Killing the Murray
In the Murray Darling Basin the CSIRO has estimated that the dairy industry uses about 9 times more water than the combined use of the fruit and vegetable industries, and far more than either cotton or rice.
The overallocation of Murray Darling water goes back over a decade.
Growing dairy feed
How do you irrigate a high energy alfalfa paddock for dairy fodder? Can you use a drip system? No, the method of irrigation is commonly called flood or pivot irrigation. It is not only water intensive, but prone to high evaporation losses.
The 2004 CSIRO report mentioned earlier, used sophisticated satellite image processing to estimate pasture irrigation levels. It estimated that the dairy industry increased its water take from 2,400 billion litres in 1995 to 4,200 billion litres in 2000. This is a staggering increase for Murray water.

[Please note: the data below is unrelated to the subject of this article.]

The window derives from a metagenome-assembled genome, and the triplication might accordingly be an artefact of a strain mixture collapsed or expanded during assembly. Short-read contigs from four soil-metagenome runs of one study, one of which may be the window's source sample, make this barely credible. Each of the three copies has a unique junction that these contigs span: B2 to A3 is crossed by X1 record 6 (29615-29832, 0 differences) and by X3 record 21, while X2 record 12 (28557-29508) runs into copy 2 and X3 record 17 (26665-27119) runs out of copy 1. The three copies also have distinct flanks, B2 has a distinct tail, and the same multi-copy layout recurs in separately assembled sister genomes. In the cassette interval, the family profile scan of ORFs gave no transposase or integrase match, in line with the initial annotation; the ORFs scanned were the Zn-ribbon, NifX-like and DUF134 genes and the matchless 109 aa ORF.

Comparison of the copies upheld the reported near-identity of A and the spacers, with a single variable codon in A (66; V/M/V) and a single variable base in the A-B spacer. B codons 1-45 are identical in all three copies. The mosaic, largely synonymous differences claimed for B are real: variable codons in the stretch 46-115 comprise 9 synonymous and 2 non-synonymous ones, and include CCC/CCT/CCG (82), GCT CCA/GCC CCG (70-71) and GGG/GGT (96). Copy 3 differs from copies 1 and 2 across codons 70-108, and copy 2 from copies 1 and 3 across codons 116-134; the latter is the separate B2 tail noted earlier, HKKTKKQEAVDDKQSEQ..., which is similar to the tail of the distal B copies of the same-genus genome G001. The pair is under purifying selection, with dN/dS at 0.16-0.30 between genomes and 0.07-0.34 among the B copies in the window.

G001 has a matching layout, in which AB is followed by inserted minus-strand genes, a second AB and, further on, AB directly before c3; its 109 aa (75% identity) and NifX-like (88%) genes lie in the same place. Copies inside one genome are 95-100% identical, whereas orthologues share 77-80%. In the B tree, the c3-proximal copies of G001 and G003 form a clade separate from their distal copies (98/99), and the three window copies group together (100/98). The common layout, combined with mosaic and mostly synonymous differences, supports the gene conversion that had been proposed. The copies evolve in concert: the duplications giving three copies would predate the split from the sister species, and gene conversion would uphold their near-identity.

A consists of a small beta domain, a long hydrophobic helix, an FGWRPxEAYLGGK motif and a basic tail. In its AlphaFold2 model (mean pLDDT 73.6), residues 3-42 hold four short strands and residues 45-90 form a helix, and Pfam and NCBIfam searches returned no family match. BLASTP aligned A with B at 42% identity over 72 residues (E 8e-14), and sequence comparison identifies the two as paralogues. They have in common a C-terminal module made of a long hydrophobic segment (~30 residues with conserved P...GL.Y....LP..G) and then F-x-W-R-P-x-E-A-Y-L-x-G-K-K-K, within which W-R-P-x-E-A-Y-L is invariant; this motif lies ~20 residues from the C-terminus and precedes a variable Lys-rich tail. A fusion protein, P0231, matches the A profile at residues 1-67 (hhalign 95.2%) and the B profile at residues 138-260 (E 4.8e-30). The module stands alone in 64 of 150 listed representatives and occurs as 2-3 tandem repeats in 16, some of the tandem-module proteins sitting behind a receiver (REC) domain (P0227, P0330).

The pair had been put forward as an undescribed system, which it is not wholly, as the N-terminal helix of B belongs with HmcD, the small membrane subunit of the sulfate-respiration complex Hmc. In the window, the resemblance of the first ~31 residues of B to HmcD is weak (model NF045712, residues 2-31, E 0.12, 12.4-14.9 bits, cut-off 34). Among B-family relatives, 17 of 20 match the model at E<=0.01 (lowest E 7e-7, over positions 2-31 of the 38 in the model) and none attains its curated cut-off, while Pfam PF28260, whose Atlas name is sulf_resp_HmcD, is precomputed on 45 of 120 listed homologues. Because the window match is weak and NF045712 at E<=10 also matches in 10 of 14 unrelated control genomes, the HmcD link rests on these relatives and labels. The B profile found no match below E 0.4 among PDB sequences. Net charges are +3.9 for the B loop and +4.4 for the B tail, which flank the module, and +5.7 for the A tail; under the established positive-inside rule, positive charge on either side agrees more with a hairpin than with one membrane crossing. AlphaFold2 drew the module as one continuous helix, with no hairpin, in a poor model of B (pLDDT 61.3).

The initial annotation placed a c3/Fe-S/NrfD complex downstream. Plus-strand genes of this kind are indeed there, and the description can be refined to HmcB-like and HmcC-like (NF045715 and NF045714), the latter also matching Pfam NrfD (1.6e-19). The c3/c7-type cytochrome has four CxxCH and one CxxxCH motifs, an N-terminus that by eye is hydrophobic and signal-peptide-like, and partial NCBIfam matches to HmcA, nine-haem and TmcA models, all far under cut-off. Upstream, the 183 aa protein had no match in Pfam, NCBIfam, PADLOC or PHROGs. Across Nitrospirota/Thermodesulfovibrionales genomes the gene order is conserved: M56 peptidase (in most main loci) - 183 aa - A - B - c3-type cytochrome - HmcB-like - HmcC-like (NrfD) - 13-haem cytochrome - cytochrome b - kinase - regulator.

To put this 4,200 billion litre figure in perspective, compare it with the 2,300 billion litres used by all the towns and cities in Australia.
Save water, don’t drink milk
The amount of water used to make a litre of milk is between 320 and 1000 litres. The low number just counts water pulled out of rivers and lakes. This water is called extracted water. The high figure includes all the water embodied in dairy cattle feed. This embodied water figure is not the total rainfall in the area, but only the part of the rain embodied in the plant. Yes, scientists really can work out such numbers.
Save water, drink soy
Soymilk requires about half the embodied water of dairy milk. Fullfat soymilk has a similar amount of fat to normal milk, but 60% of dairy milk fat is saturated, compared with just 12% of the fat in soymilk. Unlike dairy milk, brands of soymilk vary significantly in taste and texture. It’s easy to find the ones you like the most.